Backcountry Cardiac Gore-Tex Pro Bib Review
Cons: Funky fit, not warm, expensive
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Backcountry Cardiac Gore-Tex Pro Bib
$299.40 at Backcountry
|$549 List||$299.00 at Amazon|
Compare at 2 sellers
$298.95 at Amazon
$169.00 at REI
|Pros||Excellent weather resistance, many vents||Immaculate weather protection, excellent fit, fleecy lining||Great performance at a low price, tons of features, weather resistant, breathable||Warm, comfy, weather resistant||Great value, warm, comfortable, relaxed vibes|
|Cons||Funky fit, not warm, expensive||Expensive, light on features||Lacks good style and warmth, average comfort||Small vents, snug fit, racer style||Limited seam and pocket sealing, less effective vent design|
|Bottom Line||This weather resistant bib has tons of vents and an awkwardly snug fit||This model is perfect for those who demand the best from their ski pants||An affordable hardshell that provides great weather resistance, ventilation, and features||The top insulated ski pants for those who want some extra warmth around their legs||A good insulated ski pant for budget-minded resort skiers who don't need a technical pair of pants|
|Rating Categories||Backcountry Cardiac...||Arc'teryx Sabre AR...||Outdoor Research Sk...||Spyder Dare GTX||The North Face Free...|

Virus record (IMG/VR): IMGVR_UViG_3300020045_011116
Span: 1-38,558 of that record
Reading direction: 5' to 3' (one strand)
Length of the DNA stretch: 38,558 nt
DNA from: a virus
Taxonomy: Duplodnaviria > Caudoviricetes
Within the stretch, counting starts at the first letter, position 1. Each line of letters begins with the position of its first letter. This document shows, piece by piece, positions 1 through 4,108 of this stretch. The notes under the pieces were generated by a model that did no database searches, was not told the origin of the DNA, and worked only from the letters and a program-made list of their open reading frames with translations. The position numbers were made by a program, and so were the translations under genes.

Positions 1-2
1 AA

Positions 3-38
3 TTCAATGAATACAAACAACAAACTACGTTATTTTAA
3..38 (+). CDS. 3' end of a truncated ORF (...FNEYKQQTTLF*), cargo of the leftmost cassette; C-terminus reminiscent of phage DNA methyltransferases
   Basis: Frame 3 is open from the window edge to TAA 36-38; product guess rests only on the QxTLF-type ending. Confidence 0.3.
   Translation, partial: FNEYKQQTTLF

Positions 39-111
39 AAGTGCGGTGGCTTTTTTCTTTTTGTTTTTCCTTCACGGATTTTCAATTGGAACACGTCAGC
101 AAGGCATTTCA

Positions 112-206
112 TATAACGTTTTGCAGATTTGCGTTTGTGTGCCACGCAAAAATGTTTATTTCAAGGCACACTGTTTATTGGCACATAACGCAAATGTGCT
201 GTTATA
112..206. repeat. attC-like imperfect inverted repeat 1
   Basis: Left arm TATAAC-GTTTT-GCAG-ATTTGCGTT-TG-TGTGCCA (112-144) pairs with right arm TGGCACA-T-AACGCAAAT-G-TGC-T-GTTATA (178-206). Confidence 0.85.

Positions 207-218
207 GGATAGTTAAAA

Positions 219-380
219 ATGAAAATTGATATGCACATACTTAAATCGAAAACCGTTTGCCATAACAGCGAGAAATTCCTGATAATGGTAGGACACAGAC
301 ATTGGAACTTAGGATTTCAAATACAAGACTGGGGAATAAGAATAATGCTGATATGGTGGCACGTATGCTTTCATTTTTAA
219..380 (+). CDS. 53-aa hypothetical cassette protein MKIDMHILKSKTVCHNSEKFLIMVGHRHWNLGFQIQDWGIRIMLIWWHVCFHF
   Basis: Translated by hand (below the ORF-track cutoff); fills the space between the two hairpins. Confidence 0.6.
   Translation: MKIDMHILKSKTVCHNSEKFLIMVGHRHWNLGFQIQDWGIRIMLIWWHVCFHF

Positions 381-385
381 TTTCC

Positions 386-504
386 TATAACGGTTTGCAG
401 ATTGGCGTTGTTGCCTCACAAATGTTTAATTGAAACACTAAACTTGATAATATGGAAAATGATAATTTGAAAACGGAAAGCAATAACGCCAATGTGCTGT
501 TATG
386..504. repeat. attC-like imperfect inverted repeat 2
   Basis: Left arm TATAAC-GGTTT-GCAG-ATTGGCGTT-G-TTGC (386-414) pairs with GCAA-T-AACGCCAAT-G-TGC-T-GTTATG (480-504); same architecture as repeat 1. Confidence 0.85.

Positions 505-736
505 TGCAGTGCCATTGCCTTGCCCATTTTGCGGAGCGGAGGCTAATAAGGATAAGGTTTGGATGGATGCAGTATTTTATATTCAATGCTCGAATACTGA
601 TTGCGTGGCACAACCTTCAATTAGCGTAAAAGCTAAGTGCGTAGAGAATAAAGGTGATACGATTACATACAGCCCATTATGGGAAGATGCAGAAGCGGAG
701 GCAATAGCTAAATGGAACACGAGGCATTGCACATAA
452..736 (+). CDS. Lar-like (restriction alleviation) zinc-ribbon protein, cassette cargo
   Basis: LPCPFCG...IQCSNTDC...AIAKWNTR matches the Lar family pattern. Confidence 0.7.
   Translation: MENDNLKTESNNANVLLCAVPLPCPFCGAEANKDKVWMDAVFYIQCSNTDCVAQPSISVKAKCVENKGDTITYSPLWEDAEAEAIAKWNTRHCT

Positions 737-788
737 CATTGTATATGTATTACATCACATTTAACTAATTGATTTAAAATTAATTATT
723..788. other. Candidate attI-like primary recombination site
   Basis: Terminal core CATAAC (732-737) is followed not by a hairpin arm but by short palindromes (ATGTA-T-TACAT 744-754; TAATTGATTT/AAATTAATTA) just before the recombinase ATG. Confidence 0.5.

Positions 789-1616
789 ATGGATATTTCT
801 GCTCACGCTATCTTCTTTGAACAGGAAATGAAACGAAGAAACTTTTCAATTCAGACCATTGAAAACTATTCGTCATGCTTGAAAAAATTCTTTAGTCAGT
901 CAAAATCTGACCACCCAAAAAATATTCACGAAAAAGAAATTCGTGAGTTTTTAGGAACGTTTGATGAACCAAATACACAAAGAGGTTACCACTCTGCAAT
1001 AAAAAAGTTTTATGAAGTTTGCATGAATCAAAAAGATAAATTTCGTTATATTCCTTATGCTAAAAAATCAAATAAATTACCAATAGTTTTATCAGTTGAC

|Weather Resistance (25%)|
|Fit and Comfort (25%)|
|Specs||Backcountry Cardiac...||Arc'teryx Sabre AR...||Outdoor Research Sk...||Spyder Dare GTX||The North Face Free...|
|Main fabric||100% Nylon||N80p-X Gore-Tex with Cordura Nylon 3L cuff fabric||88% Nylon, 12% Spandex||Polyester plain weave 2L||100% Nylon|
|Insulation||None||Laminated fleecy lining||None||40 g Primaloft Silver Eco synthetic||60 g Heatseeker Eco Polyester (50% Recycled)|
|Waterproofing||Gore-Tex Pro||N80p-X Gore-Tex (3-layer)||AscentShell||Gore-Tex laminate and PFCecFree DWR (2-layer)||DryVent (2-layer)|
|Waistline construction (elastic? snaps?)||Bibs||Snaps. Built-in elastic belt||Snap/zipper fly with external velcro adjustment, belt loops||Snap/zipper fly with internal adjustment and removable suspenders||Snap and zipper, Velcro tabs for adjustment, belt loops|
|Weight (in pounds)||1.48 lbs||1.32 lbs||1.32 lbs||1.79 lbs||1.32 lbs|
|Weight (in grams)||671 g||599 g||599 g||812 g||599 g|
|# of Pockets||4||3||4||5||3|
|Vents?||Inner thigh zips||Exterior thigh zips, no mesh||Inner thigh zips||Inner thigh zips, with mesh||Inner thigh zips, with mesh|
|Ski-specific features||Scuff guards, elastic powder cuffs||Key/pass clip inside pocket, touring cuff, scuff guards||Scuff guards, powder cuffs, articulated knees, beacon clip||Scuff guards, elastic powder cuffs, cuff zipper||Scuff guards, elastic powder cuffs|
Our Analysis and Test Results
The Backcountry Cardiac Bib features a Gore-Tex Pro waterproof/breathable membrane to provide a dry user experience. It also has waterproof zippers on the pockets and vents and sealed seams throughout the garment. In our testing, we could not get water to penetrate these pants. Bibs tend to be the most weather resistant of all ski pants, and these rise to the top of the class. We could not find a weak point anywhere.